A recent article in the NY Times underscores the stress that college students and their families are experiencing with college tuition and fees. Chris Anderson rightly points out in Wired (The New New Economy) that the days of the "too big to fail" are over, and that big companies like GM or ATT&T would operate more effectively as thousands of small companies, with focused mission and entrepreunerial spirit. And as Dartmouth Medical School and others unload staff in a desperate attempt to save some dough, why is it so taboo to suggest that the idea of small entrepreneurial models can fit education as well?
Here at Keene State College we spend tens of thousands paying for online courseware (Blackboard) but we all know that free open source programs are becoming available (like Moodle ). Along with other communication and educational programs available for free on the net (blogs, skype, twitter, Prezi, radio lab, NY Times/Bank Street, etc) it's easy to have idea exchange and conversation across geographical areas. And so we must ask: Is the time on our watch now for collaborative educational programming in which teams of professors and faculty gather to teach specialty programs independent of their colleges and universities? Imagine, for example a group of ten top autism experts from across the globe or across a region offering "hybrid" degree programs (a mix of online and in person classes) even though they all have different college or professional affiliations. Using online conferencing, courseware, skype, students could be taught not by one, but by many of the top people in a designated field. I have already demonstrated how outside experts can visit my class from afar, or how students can visit faculty from afar, easily at no cost.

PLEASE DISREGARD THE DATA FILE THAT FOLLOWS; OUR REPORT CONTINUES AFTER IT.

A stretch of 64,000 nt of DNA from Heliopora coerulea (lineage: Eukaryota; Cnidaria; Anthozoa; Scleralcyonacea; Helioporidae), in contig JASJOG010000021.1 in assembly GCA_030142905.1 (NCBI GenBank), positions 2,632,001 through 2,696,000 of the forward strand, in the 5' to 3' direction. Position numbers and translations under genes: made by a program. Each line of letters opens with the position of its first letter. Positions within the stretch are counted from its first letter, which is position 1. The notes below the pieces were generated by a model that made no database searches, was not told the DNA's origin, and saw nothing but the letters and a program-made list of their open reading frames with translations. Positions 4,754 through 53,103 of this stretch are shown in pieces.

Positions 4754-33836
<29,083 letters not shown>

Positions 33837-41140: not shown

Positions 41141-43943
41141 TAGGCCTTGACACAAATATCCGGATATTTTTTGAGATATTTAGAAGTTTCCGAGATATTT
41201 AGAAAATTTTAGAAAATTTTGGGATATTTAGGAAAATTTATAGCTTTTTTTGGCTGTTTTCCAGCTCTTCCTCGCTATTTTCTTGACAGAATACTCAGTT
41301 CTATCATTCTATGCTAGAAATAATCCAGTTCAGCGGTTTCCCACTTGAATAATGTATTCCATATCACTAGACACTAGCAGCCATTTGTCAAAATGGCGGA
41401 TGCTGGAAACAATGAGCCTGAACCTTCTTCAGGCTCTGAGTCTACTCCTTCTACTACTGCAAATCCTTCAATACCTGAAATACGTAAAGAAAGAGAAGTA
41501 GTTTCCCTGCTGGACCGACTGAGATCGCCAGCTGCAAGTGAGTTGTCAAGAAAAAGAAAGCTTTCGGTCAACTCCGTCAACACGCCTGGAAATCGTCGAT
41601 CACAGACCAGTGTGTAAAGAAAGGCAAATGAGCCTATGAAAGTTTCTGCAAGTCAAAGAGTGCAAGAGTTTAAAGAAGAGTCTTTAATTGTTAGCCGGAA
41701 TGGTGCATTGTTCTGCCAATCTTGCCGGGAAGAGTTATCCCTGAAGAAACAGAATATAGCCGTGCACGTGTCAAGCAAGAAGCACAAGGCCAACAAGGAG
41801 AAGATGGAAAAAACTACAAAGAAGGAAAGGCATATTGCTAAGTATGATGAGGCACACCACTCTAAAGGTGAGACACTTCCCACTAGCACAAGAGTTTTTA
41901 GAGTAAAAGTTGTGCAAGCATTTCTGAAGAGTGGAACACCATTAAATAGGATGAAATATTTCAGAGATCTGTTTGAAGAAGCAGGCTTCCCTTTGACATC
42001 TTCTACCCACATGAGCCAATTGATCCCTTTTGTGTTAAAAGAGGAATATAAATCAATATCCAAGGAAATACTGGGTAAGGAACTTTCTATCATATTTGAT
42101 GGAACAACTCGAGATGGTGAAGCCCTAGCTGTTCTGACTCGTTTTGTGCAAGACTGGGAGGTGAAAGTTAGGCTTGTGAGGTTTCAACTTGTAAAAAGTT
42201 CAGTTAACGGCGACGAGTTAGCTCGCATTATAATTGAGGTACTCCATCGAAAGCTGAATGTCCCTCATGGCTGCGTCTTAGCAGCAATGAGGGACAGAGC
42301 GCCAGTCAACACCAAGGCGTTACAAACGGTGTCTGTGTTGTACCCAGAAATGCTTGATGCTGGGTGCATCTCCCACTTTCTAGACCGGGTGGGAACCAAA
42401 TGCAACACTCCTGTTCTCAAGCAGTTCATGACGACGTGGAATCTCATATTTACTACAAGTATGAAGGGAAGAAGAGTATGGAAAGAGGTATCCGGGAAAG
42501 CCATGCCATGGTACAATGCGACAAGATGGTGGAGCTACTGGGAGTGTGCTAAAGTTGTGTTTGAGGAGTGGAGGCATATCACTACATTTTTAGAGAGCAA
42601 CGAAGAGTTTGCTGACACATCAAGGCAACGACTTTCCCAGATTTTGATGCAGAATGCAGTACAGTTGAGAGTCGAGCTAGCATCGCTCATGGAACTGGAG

One barrier to this "smaller" more focused approach to education will be college administrators themselves, who will raise the issue of regional and national "accreditation" (will these programs be accredited?). And of course the conflict will be that those very administrators are those that support the current system of accreditation (which rewards "big" over "small" in terms of educational unit size). But they needn't fear...we need administrators and technology support and many of those people, but we also desperately need a new diversity in approaches to higher education.
The video below is a recent chat I had with two students from two different classes where we talk about how blogging, twitter, Prezi, Skype have all changed their educational experience:
Bankruptcy among businesses today has been rampant. It is indeed that we really are in the midst of economic crisis. Who would have thought that a giant automaker General Motor would face bankruptcy? Hummer, the controversial brand that General Motors refused to try and discharge after the price of gasoline began to shoot through the ceiling, has been subject of a lot of headlines. Hummer was among the first brands that GM slated for culling after the recession began, with Saturn and Pontiac close behind, but unlike other companies that were simply shuttered, Hummer was able to secure a buyer. It's been announced that Sichuan Tenzhong, or Sichuan Tenzhong Heavy Industrial Machinery Co will purchase the brand with some quick cash to the rescue. The company manufactures heavy machinery in China, and this means debt consolidation for
Hummer and a good deal for Sichuan Tenzhong.